Norfolk family support 'could save £2.3m'

Families in south Norfolk and Breckland are to be offered support in a bid to reduce crime and anti-social behaviour.

The Family Intervention Project (FIP) is being developed with £200,000 from police, councils and Action for Children.

It could potentially save £2.3m by supporting people into work and reducing the number of children going into care, the county council said.

FIP is expected to support 32 families at one time, it added.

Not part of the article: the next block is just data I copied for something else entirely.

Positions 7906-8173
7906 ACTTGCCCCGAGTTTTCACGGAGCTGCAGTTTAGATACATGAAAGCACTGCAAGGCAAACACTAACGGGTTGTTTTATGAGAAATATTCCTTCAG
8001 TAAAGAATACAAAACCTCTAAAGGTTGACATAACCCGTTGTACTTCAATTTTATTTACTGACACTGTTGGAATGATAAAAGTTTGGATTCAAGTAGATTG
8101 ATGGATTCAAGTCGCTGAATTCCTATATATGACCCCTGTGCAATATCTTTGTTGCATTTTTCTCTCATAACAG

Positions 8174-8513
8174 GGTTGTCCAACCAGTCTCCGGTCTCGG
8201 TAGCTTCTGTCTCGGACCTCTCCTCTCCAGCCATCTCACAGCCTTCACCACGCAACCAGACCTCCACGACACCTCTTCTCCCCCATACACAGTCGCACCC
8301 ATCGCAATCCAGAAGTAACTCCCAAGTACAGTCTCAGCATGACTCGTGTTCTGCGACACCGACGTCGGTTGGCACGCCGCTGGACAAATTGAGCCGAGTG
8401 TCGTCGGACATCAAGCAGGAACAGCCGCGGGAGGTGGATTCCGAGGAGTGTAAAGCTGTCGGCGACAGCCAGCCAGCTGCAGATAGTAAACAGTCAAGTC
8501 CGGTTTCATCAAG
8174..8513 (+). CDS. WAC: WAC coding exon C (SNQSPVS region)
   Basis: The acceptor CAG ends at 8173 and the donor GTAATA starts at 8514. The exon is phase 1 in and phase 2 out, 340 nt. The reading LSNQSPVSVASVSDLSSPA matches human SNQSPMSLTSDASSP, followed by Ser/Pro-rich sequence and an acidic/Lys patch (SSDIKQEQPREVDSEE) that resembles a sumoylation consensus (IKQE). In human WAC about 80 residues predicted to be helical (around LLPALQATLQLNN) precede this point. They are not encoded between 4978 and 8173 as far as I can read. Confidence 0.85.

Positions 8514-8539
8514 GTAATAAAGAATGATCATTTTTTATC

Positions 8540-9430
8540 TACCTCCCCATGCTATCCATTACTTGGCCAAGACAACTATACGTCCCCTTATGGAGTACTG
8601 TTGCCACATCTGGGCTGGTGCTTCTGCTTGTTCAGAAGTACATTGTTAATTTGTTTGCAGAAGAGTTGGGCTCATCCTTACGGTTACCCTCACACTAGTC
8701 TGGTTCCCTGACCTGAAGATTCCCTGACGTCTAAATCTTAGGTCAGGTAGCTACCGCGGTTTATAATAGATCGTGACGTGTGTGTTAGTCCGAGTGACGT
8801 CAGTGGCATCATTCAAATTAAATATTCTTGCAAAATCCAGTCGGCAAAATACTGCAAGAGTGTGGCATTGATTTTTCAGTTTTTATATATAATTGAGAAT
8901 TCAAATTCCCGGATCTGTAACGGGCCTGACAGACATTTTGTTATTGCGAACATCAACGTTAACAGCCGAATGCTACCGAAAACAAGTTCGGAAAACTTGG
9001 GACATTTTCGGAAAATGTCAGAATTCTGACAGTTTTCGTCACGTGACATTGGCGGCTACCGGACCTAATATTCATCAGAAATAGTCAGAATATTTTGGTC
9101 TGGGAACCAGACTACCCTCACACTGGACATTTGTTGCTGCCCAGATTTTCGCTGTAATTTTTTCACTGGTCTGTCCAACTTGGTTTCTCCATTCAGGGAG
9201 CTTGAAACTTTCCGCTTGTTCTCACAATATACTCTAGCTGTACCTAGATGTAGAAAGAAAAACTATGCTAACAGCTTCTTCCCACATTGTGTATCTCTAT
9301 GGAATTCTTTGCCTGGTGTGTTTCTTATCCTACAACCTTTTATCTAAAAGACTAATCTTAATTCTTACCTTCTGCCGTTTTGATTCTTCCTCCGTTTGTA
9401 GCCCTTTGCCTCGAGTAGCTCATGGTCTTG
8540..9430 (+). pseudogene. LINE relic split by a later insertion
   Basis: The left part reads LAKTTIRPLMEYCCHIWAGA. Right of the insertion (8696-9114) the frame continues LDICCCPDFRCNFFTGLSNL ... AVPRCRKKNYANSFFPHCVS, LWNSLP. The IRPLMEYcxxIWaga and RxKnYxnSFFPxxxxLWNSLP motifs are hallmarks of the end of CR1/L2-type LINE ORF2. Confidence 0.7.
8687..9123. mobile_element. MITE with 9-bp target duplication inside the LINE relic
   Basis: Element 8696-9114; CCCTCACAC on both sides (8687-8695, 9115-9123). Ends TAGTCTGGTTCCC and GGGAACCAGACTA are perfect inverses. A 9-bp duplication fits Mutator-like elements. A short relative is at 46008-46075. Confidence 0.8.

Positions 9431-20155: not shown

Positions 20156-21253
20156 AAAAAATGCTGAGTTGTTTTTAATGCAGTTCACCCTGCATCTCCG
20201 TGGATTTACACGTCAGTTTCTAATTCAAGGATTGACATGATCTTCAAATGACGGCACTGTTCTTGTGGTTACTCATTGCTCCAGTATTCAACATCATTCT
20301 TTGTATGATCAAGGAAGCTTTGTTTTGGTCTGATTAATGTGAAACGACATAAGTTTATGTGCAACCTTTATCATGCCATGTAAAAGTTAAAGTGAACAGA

'Safe and secure'

It will focus on families where there is a history or risk of children going into care, and also related problems such as unemployment, overcrowded housing, persistent offending, substance abuse and poor parenting.

Led by Action for Children, it will involve council staff and police community support officers based in teams at Long Stratton council offices and at Attleborough police station.

Four other FIPs already exist in Norfolk, with the south Norfolk and Breckland FIP bringing the number of supported families to 150.

Alison Thomas, cabinet member for children's services at the county council, said FIPs could improve children's chances by getting them back to school, reduce offending and ensure they have a safe and secure home life.

Related Internet links

The BBC is not responsible for the content of external Internet sites